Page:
From the Dallas Morning News --
For 14 years, bishops of the Catholic Diocese of Amarillo hid the truth about the men known internally as "the program priests."
Congregations scattered across 26,000 square miles of the Texas Panhandle were never told that at least eight of their pastors had spent time in church-run treatment centers after being accused of molesting children.
As Bishop John Yanta scrambled to meet the basic needs of the diocese, he and his predecessor, Bishop Leroy Mathiesen, found themselves being asked to explain decisions that they had kept buried for years.
Bishop Yanta acknowledged that people's faith in the church has been shaken. But he predicted that any bitterness would not linger.
Bishop Yanta, 70, offered no apologies for his secretiveness, saying that he believed it was in line with dicates of church law that require bishops to protect the reputations of priests as well as ensuring due process.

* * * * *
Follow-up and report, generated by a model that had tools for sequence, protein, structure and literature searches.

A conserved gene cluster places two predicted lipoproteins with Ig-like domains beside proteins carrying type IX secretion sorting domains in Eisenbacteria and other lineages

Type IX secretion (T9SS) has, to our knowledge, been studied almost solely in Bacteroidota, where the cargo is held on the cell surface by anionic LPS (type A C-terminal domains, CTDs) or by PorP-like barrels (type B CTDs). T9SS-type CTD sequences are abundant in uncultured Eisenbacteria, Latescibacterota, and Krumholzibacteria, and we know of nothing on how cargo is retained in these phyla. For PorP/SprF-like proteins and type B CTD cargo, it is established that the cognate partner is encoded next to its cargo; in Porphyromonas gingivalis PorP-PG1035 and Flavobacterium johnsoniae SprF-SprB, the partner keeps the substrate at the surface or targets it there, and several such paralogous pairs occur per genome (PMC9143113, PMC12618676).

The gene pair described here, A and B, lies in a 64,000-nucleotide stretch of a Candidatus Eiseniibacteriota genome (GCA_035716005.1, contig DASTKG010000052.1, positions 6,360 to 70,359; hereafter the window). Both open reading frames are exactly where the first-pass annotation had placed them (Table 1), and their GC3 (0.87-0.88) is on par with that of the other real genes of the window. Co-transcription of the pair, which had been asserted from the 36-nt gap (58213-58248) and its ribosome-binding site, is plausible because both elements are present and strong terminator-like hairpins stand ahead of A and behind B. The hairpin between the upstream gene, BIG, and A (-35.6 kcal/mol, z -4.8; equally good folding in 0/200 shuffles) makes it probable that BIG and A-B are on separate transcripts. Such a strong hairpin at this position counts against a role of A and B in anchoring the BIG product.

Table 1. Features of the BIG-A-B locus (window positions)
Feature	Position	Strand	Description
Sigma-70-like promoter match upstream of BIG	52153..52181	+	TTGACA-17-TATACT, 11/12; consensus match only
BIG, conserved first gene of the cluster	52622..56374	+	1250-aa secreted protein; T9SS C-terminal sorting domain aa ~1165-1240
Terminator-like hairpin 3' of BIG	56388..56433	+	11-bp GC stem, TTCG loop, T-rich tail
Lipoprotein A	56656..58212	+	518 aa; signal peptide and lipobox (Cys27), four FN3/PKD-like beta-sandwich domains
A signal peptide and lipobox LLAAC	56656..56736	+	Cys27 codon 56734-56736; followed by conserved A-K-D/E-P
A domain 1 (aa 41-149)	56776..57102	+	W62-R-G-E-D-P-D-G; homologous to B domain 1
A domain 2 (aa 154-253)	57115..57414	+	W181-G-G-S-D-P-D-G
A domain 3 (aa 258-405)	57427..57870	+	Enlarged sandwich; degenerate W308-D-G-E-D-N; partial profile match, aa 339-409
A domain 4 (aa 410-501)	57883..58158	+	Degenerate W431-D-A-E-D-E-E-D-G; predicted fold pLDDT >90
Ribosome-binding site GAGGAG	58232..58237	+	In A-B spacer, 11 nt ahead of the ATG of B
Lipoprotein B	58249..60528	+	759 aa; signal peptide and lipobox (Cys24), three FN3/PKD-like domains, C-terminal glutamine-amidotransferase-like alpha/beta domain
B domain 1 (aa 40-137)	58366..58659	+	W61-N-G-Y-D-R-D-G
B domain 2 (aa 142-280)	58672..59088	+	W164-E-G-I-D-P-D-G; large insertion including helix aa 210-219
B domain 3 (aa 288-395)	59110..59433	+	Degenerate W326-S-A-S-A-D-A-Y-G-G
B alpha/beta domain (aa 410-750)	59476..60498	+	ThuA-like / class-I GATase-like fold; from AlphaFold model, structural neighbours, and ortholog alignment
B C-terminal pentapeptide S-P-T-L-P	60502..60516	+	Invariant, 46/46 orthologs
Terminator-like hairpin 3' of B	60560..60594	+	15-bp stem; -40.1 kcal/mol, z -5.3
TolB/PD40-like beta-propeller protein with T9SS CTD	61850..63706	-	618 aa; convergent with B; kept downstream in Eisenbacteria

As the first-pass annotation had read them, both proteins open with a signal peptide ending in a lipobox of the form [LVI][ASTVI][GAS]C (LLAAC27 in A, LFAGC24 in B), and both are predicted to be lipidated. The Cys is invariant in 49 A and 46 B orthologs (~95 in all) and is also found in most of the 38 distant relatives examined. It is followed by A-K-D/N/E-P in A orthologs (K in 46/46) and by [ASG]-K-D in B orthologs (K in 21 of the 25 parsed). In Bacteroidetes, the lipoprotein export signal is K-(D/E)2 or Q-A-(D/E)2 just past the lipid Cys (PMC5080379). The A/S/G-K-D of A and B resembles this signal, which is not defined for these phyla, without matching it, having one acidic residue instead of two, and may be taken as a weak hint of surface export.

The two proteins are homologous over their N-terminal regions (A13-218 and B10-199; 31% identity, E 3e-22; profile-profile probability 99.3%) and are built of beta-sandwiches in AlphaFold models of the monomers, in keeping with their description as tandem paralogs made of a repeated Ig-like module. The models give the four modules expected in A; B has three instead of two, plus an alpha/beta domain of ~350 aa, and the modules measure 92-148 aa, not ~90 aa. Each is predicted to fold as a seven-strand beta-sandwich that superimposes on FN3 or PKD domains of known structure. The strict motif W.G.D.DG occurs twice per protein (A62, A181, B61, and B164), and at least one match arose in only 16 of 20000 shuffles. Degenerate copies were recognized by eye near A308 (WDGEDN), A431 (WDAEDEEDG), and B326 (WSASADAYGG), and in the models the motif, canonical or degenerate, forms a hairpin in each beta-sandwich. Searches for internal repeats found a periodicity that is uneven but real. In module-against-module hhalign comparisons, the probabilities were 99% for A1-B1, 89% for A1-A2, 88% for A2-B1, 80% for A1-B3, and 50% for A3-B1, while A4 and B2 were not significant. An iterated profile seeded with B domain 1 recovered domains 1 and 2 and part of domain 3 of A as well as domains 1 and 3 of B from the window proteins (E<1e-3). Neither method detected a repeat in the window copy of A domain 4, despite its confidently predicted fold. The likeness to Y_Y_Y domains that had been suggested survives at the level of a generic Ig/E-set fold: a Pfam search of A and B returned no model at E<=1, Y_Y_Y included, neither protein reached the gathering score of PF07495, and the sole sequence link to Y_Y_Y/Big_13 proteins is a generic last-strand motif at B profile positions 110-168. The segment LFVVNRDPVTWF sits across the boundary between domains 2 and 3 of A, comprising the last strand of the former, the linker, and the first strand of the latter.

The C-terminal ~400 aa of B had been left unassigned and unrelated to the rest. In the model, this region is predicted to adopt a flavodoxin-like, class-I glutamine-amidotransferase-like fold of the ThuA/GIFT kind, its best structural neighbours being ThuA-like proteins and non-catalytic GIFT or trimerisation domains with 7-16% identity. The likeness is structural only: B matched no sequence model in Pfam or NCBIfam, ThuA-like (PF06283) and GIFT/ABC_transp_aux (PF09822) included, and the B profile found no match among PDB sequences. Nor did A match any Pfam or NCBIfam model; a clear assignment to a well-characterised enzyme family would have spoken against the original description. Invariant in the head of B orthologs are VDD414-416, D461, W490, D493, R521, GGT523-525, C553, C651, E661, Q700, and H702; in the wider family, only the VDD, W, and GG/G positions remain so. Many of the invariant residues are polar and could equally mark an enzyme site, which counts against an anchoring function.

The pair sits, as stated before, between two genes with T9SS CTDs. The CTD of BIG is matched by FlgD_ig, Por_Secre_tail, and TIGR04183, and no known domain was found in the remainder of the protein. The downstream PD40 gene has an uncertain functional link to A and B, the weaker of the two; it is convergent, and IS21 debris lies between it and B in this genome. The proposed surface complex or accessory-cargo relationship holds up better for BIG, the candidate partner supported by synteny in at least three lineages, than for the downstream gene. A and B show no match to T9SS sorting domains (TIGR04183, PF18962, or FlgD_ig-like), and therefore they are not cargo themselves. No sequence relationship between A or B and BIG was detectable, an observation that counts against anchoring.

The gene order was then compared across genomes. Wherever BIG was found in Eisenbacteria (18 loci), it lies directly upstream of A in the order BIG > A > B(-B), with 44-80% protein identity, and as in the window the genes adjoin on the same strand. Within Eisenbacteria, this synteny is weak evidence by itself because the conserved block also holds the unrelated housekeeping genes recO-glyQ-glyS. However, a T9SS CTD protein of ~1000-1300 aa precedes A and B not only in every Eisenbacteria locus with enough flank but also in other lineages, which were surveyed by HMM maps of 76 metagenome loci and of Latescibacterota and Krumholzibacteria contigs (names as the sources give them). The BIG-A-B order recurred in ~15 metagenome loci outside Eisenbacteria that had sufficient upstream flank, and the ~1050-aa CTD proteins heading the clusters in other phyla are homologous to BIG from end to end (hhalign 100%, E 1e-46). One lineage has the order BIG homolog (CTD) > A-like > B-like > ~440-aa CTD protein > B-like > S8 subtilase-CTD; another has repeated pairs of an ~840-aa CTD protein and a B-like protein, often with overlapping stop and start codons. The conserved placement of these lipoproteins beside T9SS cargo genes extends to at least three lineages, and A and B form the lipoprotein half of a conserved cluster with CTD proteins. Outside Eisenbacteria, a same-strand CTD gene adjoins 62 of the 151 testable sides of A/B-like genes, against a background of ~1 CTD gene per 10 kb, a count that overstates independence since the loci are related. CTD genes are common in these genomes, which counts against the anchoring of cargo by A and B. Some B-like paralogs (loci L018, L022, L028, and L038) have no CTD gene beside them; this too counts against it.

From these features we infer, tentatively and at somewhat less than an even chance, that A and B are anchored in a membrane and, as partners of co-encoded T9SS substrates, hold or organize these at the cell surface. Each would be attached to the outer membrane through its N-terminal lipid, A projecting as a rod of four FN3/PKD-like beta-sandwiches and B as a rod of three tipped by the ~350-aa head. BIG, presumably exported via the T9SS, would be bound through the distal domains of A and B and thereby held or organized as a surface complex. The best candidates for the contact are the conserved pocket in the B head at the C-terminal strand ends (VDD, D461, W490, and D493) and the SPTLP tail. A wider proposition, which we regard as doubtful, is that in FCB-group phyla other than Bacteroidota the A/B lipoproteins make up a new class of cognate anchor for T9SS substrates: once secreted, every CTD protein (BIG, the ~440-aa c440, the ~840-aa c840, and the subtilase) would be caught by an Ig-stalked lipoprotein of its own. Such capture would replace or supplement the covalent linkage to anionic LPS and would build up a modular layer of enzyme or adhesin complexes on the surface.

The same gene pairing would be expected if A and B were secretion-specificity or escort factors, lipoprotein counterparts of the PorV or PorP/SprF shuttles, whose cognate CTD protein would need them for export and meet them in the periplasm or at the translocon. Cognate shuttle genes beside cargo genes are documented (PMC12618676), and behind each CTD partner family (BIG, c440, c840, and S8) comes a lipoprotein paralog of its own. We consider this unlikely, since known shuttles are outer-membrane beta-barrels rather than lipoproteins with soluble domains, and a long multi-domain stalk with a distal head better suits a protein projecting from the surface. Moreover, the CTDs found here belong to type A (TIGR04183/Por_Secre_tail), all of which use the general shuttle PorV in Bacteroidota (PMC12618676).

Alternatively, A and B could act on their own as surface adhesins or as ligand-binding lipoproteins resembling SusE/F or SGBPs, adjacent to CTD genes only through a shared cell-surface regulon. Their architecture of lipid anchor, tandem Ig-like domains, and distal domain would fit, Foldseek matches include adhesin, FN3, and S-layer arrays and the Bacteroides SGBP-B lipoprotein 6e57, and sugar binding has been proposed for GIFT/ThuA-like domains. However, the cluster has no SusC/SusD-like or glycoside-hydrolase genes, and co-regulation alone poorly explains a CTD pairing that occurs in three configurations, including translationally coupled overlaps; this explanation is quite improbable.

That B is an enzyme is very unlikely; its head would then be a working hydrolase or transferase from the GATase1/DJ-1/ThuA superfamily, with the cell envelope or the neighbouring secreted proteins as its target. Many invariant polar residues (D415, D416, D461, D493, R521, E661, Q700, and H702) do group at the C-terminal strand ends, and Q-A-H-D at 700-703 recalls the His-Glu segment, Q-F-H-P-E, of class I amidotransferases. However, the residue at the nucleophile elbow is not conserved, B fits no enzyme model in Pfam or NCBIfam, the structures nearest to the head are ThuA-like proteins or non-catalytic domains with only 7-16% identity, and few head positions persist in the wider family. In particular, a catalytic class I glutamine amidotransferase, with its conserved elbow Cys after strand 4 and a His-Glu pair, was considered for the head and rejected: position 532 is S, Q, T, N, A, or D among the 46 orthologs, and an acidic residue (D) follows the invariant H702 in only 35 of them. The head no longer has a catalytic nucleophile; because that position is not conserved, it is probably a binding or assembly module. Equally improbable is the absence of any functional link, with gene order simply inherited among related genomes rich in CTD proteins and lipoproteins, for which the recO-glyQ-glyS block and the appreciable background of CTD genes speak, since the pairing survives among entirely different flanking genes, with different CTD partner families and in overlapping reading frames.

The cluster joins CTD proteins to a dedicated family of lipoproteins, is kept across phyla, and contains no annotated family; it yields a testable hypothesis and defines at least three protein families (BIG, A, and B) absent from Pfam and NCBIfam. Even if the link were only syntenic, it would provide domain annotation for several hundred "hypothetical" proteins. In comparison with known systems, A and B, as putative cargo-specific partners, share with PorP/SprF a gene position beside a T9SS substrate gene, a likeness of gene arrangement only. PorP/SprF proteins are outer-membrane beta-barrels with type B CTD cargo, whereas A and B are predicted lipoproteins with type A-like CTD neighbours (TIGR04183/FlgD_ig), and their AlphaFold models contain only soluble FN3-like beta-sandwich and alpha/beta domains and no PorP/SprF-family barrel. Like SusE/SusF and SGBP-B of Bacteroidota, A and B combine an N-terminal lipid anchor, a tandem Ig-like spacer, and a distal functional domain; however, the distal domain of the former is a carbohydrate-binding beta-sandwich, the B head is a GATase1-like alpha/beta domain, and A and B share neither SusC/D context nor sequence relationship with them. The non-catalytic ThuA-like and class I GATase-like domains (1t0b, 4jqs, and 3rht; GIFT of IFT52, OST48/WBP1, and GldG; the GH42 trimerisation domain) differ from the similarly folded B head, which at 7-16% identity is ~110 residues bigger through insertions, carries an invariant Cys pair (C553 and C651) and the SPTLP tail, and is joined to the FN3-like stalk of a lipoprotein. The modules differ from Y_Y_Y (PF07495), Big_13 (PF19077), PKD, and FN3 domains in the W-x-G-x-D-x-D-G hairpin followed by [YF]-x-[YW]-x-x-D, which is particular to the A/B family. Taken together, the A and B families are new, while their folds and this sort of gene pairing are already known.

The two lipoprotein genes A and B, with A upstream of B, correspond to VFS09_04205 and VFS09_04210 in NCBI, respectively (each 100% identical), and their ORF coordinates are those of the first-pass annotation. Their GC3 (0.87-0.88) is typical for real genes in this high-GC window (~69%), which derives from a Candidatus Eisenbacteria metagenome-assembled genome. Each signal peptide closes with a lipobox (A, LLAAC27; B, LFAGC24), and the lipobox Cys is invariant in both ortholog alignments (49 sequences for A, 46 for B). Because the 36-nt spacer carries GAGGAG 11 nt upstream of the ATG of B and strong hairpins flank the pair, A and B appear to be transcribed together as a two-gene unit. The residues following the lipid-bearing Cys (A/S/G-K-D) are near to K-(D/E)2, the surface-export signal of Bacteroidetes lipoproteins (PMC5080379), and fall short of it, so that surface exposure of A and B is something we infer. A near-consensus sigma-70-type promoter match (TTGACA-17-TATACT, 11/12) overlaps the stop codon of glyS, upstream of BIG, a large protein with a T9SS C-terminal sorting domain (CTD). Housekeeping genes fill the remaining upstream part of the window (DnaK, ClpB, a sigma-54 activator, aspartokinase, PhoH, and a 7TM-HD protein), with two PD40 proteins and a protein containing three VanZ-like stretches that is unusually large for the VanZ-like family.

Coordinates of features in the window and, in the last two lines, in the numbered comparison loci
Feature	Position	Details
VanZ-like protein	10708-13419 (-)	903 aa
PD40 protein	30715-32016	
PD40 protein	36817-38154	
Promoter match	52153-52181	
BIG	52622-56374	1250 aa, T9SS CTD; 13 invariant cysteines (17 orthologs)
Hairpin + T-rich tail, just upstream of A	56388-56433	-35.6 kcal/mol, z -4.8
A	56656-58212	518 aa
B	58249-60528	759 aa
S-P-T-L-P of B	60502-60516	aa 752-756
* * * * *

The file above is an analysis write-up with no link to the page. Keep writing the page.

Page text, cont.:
"The communication of the truth is not a universal right," he said.
What about the congregation's right to protect its children? Is it reasonable for a parent to expect that a church or school will attempt to protect his/her children from potential child molesters?
Here's the lesson: Beware of any organization or group in which the leaders do not communicate to the members, because they claim to know better. Or claim to be above reproach because of a special relationship with God. The clear message is that if you choose to be catholic, you better check your brain at the door. The leaders will tell you what you need to know and what you need to believe. And they are not to be challenged.
Religion doesn't have to be this way. Beware of any religion in which the pastors or leaders claim to be somehow "above" the members, or have some special relationship with God.